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How Long Does a Fentanyl High Last?

How Long Does a Fentanyl High Last?

Fentanyl is one of the strongest synthetic opioids available today. It’s 50 to 100 times more potent than morphine, a natural opiate that’s extracted from the seeds of the opium poppy plant.

As a result of the drug epidemic, Fentanyl use in Illinois, Alabama, Delaware, and other states has skyrocketed. Generally, opioids are used as pain relievers, but some, like heroin, are entirely illegal to use. Fentanyl is a synthetic or man-made opiate that’s not only used to treat pain but also as a cutting agent in many other illicit substances like heroin, cocaine, and methamphetamine. But how does it affect the body? When used recreationally, how long does a fentanyl high last?

What Does a Fentanyl High Feel Like?

Fentanyl affects the brain and body like other opioids by attaching itself to opioid receptors on nerves in areas of the body like the stomach, brain, and spinal cord. Most of these areas are also associated with controlling pain and emotions, which is why it’s a common recreational drug, as well. Not only does fentanyl provide pain relief, but it can also create a euphoric high when taken in large doses.

The drug boosts levels of the chemical dopamine, elevating mood and activating the reward system in the brain. A fentanyl high feels like a rush of euphoria, providing a feeling of well-being, in addition to other less desirable side effects. Opioids like fentanyl are addictive because of the euphoria they can produce when taken in large doses. Even people who have started taking prescription opioids for pain relief have found themselves struggling to quit. If you’re taking a prescription opioid and have noticed a pattern of misuse or abuse, speak to your doctor. If you’re struggling with an addiction to these drugs, a number of Banyan locations offer opioid withdrawal treatment that can help you through physical recovery.

How Long Do Fentanyl Side Effects Last?

Fentanyl is used as a painkiller and anesthetic. It can come in the form of pills, lozenges, or patches and is sold under the brand name Duragesic. Some common side effects of fentanyl include:

  • Drowsiness
  • Sedation
  • Sleepiness
  • Euphoria
  • Sense of well-being
  • Nausea and/or vomiting
  • Pain relief

How long a high fentanyl high lasts depends on how much the person takes, their tolerance to the drug, its half-life, how it’s used, and more. The half-life of fentanyl is around 2 to 4 hours when used intravenously or when it’s injected. That means a fentanyl high lasts 11 to 22 hours after injecting it. If you use the patch or lozenge version of fentanyl, its half-life increases to 7 to 17 hours, meaning side effects will last up to 36 hours after use. As the body breaks down fentanyl, it leaves traces behind called metabolites. Metabolites may stay in your system longer than the duration of Fentanyl side effects, meaning the drug may be detected in drug tests much longer than the high lasts.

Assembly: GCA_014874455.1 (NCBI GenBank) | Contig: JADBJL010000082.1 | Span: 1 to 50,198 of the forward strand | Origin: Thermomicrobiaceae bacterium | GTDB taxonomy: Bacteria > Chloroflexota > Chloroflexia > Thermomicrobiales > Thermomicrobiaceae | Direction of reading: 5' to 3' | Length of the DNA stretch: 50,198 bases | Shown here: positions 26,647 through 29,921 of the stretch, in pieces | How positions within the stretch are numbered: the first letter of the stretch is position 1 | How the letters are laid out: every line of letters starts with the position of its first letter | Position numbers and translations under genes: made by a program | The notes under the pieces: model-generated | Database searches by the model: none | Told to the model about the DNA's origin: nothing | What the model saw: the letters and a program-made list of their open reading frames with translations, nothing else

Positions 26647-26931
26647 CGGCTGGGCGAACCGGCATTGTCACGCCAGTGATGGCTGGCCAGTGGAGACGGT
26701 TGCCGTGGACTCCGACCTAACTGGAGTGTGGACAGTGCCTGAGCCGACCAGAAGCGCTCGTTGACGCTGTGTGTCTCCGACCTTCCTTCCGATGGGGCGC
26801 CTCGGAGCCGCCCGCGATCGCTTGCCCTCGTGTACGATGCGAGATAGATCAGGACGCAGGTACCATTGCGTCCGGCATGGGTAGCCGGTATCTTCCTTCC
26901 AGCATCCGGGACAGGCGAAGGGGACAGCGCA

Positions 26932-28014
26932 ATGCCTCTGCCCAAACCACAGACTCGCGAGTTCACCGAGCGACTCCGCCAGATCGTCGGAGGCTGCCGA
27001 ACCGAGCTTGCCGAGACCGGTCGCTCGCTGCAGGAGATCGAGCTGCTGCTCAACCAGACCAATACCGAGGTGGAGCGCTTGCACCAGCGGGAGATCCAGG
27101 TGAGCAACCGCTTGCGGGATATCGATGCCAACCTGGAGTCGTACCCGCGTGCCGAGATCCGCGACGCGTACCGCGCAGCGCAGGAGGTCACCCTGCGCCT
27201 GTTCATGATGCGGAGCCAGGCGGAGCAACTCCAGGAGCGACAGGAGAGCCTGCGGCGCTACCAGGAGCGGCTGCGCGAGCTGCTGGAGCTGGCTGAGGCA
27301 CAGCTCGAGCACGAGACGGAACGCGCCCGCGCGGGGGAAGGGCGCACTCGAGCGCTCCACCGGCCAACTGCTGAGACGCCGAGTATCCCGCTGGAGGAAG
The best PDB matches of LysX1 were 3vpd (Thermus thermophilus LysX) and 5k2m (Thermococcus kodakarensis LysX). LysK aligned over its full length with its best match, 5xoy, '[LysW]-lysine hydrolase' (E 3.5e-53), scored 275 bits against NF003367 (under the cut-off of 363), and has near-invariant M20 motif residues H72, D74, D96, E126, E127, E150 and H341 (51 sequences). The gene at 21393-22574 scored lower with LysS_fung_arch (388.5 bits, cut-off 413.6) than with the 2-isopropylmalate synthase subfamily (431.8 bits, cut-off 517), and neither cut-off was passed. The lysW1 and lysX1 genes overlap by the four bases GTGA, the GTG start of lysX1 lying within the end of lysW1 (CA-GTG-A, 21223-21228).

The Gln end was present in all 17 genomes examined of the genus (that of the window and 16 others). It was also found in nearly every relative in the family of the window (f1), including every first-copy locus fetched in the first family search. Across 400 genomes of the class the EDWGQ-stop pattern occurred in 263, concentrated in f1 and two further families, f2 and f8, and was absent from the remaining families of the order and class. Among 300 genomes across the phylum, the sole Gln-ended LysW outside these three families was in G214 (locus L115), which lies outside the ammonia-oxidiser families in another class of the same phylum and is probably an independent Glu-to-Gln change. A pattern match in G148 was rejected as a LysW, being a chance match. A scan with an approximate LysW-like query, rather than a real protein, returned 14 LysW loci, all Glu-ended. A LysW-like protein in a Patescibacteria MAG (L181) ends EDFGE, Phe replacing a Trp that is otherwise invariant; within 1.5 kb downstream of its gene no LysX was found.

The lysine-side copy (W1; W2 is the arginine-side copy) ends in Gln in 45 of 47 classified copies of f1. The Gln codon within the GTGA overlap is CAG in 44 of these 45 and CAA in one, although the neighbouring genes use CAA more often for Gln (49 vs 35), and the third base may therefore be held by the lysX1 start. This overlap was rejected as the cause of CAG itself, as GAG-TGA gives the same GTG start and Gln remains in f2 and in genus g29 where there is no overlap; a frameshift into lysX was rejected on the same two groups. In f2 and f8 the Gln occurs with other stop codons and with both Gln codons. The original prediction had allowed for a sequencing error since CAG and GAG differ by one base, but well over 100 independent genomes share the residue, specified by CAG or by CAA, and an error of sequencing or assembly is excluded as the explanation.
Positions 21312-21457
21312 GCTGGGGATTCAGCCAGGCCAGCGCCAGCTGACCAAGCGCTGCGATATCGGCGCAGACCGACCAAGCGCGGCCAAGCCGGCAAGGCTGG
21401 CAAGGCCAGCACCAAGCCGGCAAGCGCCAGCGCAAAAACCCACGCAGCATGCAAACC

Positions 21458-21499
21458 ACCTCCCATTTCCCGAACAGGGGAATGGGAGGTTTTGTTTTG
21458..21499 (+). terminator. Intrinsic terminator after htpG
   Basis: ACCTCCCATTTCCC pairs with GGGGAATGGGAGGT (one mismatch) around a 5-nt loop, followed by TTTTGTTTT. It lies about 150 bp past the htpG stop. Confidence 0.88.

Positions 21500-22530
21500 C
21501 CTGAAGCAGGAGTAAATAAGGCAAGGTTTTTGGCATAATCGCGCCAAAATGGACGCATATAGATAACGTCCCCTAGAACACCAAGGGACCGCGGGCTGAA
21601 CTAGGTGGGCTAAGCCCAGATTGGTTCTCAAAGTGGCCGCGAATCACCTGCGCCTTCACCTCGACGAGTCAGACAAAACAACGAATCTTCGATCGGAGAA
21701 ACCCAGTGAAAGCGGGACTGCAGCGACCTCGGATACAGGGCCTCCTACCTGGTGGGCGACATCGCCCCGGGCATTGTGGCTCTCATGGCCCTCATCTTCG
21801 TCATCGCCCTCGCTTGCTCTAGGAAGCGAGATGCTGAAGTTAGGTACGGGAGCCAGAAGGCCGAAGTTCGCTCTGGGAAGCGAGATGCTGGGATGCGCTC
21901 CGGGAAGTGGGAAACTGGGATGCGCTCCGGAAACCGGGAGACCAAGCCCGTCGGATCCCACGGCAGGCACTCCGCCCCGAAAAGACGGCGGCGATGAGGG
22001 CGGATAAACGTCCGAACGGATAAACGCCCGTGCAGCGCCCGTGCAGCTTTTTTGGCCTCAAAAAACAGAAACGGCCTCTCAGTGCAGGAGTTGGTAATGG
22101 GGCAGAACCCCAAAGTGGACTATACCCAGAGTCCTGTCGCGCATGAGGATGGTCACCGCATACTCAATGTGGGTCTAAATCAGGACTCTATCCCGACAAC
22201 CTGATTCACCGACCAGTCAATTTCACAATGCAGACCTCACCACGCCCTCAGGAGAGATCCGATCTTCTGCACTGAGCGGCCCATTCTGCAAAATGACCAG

Why Is Fentanyl So Dangerous?

Due to its potency, the side effects of fentanyl are faster in smaller doses than morphine or heroin, making it more dangerous. Even in seemingly minute doses, the drug can lead to intense respiratory depression, in turn contributing to a heightened risk of overdose or death. Drug dealers have also utilized its potency in an effort to amp up the intensity of their supply.

Essentially, a person is that much more likely to experience an overdose when they do not realize that a lethal dose of fentanyl has been combined with their drug of choice. Many cities have begun to distribute fentanyl test strips to mitigate these fentanyl dangers. This form of harm reduction seeks to keep users alive, in turn keeping their hope for recovery intact.

Furthermore, the hazards of fentanyl are increased by its quick passage through the blood-brain barrier. The respiratory system may be abruptly and severely suppressed as a result of the rapidity with which it reaches the brain, leading to respiratory depression and, eventually, respiratory arrest. One of the key factors contributing to deadly fentanyl overdoses is this respiratory depression. The rapid onset and short duration of the effects of the drug can also play a significant role.

Fentanyl’s adverse effects include tolerance, physical dependence, and addiction, among a variety of other physical and psychological complications. Fortunately, opioid addiction can be treated. Many of our Banyan rehab locations offer inpatient drug treatment and a variety of other substance-specific programs.

If you or a loved one requires the help of an opioid rehab to get sober, call our Banyan drug rehab today at 888-280-4763 to learn how we can help.

Related Readings:

The Truth About Opioid Overdose Brain Damage

Fentanyl Compared to Heroin

Alyssa, Director of Digital Marketing
Alyssa, Director of Digital Marketing
Alyssa is the National Director of Digital Marketing and is responsible for a multitude of integrated campaigns and events in the behavioral health and addictions field. All articles have been written by Alyssa and medically reviewed by our Chief Medical Officer, Dr. Darrin Mangiacarne.